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Reflection on Differences between written and spoken discourse

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People use the language for communicating through coherent and cohesive stretches of language. In other words, they normally use more than a couple of words and sentences; they produce longer stretches of language by putting words and sentences together. These chunks of language must follow each other and be connected in a logical way in order to transmit a specific message. This process is called discourse, and its linguistic product is called text. As people can communicate through the spoken and written means, there are spoken and written discourses and spoken and written texts. These discourses and texts develop different features due mainly to the different conditions in which they are produced, which relate to two factors: time and audience. When speaking, time pressure does not allow much planning, while in writing there is usually plenty of time to plan.

Regarding audience, when writing, the reader is not present, and this makes it almost impossible to get immediate feedback. This implies that when writing, we must compensate for this lack with clearer and explicit language, which makes written discourse more formal. On the other hand, when speaking, the listener is present and can give immediate feedback to what is being said. This implies that when speaking, the message can be understood with fewer words, which makes spoken discourse more informal. It does not mean that speaking will always be spontaneous and informal, or that writing will be always formal and planned. Still, it is a good start to set the differences between spoken and written discourses relying on the factors of time and audience as established on the previous paragraph, as they are more evident in this way. Written discourse includes some medium to keep record of the message.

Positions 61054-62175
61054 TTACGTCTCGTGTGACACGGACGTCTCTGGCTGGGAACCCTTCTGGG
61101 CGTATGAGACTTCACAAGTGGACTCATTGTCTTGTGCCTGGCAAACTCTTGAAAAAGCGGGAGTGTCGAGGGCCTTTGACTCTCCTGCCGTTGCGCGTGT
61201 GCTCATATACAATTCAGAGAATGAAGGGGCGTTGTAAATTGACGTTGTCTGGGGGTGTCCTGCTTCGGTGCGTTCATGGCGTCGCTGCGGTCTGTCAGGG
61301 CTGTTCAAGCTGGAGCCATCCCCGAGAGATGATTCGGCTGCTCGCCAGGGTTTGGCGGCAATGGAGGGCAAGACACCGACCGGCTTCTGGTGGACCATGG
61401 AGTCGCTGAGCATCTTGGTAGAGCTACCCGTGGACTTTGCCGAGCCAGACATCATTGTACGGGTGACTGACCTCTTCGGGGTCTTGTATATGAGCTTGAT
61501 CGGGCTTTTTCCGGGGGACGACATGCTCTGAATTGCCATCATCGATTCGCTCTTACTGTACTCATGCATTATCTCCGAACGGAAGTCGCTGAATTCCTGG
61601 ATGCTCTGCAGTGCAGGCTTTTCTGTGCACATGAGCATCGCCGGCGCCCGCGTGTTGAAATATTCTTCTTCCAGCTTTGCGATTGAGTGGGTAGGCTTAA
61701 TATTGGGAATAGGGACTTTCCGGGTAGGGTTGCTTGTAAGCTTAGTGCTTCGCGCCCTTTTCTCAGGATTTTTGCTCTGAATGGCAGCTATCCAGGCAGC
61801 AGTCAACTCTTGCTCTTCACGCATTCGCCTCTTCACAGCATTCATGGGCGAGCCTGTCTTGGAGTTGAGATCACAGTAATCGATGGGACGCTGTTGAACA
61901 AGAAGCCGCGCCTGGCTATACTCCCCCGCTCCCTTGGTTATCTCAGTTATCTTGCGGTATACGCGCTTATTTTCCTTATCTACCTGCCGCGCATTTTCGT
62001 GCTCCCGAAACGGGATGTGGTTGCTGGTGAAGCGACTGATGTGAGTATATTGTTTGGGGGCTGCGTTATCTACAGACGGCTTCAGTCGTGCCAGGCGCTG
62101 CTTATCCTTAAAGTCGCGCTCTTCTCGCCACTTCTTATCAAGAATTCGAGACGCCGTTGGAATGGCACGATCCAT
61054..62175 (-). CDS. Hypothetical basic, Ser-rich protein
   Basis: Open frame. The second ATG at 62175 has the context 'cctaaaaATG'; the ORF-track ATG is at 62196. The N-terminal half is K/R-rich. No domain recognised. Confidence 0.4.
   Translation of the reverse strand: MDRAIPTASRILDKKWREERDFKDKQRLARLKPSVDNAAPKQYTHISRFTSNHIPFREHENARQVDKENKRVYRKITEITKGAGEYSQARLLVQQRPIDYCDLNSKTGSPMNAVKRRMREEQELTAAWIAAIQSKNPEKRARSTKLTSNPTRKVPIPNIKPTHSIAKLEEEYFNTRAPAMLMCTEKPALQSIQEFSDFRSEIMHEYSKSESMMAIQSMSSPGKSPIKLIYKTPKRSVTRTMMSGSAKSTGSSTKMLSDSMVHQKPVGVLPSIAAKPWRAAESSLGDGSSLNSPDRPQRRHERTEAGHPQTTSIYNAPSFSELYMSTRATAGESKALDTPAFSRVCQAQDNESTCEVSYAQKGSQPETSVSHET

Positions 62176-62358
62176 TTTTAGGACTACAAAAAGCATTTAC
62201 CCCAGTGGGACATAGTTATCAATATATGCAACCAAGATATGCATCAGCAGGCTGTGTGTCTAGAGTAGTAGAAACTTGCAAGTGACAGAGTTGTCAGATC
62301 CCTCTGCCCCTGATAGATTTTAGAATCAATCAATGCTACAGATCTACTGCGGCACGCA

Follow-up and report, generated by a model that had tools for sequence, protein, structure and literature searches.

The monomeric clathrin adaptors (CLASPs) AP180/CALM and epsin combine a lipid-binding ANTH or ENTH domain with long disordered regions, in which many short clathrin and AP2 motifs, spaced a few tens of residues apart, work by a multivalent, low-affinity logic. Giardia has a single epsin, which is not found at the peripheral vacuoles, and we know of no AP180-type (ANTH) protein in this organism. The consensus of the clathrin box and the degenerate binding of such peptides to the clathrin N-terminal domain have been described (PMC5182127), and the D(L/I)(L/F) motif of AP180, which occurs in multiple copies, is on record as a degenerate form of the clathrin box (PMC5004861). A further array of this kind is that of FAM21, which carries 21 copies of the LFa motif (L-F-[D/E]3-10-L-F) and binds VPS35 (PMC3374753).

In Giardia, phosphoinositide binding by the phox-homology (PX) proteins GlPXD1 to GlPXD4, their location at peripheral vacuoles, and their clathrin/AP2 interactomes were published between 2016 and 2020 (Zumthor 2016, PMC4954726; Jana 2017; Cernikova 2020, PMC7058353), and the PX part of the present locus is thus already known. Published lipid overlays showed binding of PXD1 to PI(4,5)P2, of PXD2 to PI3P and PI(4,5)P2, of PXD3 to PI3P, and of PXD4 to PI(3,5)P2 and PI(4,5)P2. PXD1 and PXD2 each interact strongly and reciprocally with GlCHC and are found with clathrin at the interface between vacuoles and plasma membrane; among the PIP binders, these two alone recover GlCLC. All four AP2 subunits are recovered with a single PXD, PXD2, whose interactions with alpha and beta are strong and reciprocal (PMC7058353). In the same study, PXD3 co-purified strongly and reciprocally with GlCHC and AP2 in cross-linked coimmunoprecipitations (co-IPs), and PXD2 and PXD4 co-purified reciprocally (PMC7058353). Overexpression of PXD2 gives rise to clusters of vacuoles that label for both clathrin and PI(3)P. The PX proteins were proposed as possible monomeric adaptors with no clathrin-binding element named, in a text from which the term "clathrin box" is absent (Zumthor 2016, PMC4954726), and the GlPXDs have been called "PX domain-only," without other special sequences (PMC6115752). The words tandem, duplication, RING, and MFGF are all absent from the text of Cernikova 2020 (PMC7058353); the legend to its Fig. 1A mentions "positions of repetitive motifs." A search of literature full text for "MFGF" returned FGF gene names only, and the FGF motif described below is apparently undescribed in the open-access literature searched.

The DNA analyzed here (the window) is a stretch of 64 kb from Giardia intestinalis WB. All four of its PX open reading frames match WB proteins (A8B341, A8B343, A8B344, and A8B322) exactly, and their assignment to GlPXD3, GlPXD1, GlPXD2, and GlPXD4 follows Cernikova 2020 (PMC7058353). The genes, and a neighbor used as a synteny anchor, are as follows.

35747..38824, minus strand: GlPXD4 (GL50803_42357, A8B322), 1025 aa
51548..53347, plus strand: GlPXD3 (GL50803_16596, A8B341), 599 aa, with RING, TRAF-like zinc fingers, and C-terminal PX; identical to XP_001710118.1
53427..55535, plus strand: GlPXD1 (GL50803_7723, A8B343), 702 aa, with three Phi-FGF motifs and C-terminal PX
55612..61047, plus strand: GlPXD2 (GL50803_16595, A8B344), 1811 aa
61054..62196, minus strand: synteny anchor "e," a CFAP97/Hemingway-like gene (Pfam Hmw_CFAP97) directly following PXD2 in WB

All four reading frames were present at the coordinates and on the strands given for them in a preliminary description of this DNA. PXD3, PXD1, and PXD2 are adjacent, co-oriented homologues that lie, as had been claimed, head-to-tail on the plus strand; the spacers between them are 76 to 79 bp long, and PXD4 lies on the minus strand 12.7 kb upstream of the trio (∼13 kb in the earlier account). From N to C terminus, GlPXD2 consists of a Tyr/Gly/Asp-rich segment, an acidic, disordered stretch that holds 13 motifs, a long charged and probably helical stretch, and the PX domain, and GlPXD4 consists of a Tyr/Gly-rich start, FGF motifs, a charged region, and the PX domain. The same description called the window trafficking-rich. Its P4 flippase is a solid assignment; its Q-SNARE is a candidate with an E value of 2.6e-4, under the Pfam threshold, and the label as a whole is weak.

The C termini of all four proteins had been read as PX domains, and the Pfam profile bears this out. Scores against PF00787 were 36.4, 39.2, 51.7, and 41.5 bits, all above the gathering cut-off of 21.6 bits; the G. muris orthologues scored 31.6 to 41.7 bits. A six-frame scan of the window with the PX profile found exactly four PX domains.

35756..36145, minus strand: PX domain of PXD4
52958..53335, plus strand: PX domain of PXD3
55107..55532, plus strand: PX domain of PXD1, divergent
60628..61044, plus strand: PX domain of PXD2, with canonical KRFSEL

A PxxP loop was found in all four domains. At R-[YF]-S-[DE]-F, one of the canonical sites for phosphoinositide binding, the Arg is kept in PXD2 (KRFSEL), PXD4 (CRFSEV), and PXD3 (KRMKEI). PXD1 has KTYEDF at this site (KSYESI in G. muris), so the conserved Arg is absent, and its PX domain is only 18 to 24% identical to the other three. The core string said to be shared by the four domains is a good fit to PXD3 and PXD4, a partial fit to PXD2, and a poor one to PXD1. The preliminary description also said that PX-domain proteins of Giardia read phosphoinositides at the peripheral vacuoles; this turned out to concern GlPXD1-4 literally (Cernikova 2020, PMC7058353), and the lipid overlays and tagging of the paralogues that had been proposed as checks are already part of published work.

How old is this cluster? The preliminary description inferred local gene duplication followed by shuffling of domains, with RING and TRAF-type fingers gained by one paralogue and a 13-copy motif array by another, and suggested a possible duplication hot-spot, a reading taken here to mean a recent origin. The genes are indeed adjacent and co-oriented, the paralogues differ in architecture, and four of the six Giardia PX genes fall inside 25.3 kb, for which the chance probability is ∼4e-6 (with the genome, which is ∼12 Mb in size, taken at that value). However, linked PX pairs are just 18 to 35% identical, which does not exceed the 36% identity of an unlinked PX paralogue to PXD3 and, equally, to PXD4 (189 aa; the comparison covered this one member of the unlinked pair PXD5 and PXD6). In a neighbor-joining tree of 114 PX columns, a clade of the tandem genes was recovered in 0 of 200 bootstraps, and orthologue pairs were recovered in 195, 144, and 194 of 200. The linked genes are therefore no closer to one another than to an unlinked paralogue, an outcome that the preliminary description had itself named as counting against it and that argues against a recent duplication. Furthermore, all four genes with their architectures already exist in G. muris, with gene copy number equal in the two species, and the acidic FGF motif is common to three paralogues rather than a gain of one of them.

It can be edited to achieve grammar-free sentences. Audience is not known. Text cannot be adjusted to individual reader. No immediate response from the readers for clarification: organization is crucial. Paragraphs, layouts are important to enhance understanding. Extra feature: tables, formulas, charts and graphics to add meaning. Spoken discourse Involves air. Speed of speech can be adjusted. Repetition is possible. Spontaneous: mistakes, repetition, less coherent (logically connected) sentences. Grunts – sound, mumble, murmur. Stutters – stammer, hesitate. Pauses-all might contribute to meaning making. Speaker knows listener. Face-to-face. Extra linguistic signals: grimaces/expressions, gestures. Expressions like: ‘here’,’ now’ or ‘this’. Contractions: I’m.. Slang. Rhythm and Intonation.

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